‘Mind-set change key to fighting climate challenges’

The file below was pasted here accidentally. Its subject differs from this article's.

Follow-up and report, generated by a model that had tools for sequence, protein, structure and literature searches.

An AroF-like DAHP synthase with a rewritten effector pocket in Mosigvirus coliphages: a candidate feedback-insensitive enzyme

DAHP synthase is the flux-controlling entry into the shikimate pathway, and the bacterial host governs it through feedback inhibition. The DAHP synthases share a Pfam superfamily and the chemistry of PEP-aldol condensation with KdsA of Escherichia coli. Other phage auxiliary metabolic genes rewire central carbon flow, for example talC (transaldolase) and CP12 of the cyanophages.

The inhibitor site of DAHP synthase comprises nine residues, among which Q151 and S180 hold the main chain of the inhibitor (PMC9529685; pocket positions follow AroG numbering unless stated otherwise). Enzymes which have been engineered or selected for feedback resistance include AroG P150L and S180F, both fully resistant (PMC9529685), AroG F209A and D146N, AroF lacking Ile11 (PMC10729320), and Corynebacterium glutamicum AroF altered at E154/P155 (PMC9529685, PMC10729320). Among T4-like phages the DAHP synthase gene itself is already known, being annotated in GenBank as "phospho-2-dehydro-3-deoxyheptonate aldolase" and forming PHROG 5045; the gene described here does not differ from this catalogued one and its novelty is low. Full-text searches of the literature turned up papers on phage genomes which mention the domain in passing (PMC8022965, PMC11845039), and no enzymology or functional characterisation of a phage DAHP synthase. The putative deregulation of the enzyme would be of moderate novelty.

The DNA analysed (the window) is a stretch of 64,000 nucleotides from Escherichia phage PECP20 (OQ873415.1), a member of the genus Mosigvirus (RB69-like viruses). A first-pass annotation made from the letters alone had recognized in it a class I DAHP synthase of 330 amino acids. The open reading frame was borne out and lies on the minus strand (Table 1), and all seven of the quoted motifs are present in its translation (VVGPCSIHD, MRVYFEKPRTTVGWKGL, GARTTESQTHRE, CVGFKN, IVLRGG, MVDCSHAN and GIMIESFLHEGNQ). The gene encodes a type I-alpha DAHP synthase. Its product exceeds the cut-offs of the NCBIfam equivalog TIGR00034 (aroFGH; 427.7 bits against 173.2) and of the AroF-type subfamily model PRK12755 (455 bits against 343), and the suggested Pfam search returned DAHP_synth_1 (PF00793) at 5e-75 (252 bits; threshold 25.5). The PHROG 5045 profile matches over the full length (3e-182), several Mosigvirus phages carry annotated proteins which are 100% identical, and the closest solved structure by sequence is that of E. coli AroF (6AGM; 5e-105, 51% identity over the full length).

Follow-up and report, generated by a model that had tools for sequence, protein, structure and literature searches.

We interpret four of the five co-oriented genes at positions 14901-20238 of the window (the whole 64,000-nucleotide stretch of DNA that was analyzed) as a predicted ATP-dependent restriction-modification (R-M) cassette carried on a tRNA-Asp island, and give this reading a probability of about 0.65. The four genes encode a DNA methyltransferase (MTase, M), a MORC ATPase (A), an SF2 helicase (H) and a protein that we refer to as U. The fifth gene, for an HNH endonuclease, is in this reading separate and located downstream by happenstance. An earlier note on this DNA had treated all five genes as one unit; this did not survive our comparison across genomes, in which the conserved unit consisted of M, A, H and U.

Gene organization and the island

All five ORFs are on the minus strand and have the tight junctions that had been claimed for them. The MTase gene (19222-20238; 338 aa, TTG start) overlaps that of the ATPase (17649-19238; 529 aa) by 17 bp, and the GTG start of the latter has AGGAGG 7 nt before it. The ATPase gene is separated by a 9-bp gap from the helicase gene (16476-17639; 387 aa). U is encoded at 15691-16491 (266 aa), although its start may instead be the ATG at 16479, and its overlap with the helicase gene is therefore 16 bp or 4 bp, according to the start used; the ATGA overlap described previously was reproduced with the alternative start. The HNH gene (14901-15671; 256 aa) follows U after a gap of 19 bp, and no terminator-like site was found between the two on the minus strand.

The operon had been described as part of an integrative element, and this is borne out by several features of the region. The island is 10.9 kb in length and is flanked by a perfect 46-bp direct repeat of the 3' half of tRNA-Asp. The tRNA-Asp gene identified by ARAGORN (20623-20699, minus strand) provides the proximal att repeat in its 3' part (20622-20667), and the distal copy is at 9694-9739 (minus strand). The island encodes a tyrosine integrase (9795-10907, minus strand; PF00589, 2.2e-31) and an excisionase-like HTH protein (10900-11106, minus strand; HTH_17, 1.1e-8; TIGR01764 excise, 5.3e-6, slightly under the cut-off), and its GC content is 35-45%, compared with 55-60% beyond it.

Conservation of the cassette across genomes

GOVERNMENT should put environmental sustainability as a priority to avoid effects of climate change such as low water levels which is putting the country in a state of jeopardy, People’s Alliance for Change (PAC) president Andyford Banda has advised. In an interview with the Daily Nation, Mr Banda reiterated the need for people to be well informed about the effects of climate change on the environment. He noted that most of the activities people were carrying out for their livelihood were the major contributors to the problems many countries were currently facing. Mr Banda said even the power deficit the country was currently experiencing was as a result of human activities such as the cutting down of trees, which he warned would lead to deforestation. He explained that the exacerbated demand for charcoal has in turn aggravated deforestation to alarming levels. Mr Banda pointed out that Zambia needed a complete overhaul in the way people dealt with matters of environmental sustainability and that it should begin with mind-set change and a conscientious work ethic. “The country is experiencing problems such as power deficit because of the human activities which lead to global warming, in turn leading to low rainfall. The exacerbated demand for charcoal has in turn aggravated deforestation to alarming levels. ‘‘There is need for people to be well informed about the effects of climate change to the environment, and this will begin with mind-set change and a conscientious work ethic,” he said. Mr Banda disclosed that his party was ‘‘consumed with the passion’’ to ensure that the environment was not degraded in the present to the detriment of future generations. He advised that sustainable use of arable land was an integral part of environmental sustainability and that there was need for political will that would be more all-encompassing to ensure that the environment was protected. He noted that current Government policies had also contributed to environmental degradation by not discouraging cultivation of marginal lands or providing subsidies for heavy maintenance crops such as maize. He explained that maize in particular tended to rapidly mine out select nutrients in the soil and that small-scale farmers had continued to focus their attention on maize. Mr Banda warned that the continuous use of synthetic fertilizers will eventually lead to lower soil fertility and high pH levels. “Zambia needs a complete overhaul in the way we deal with matters of environmental sustainability. It should begin with mind-set change and a conscientious work ethic,” he advised.

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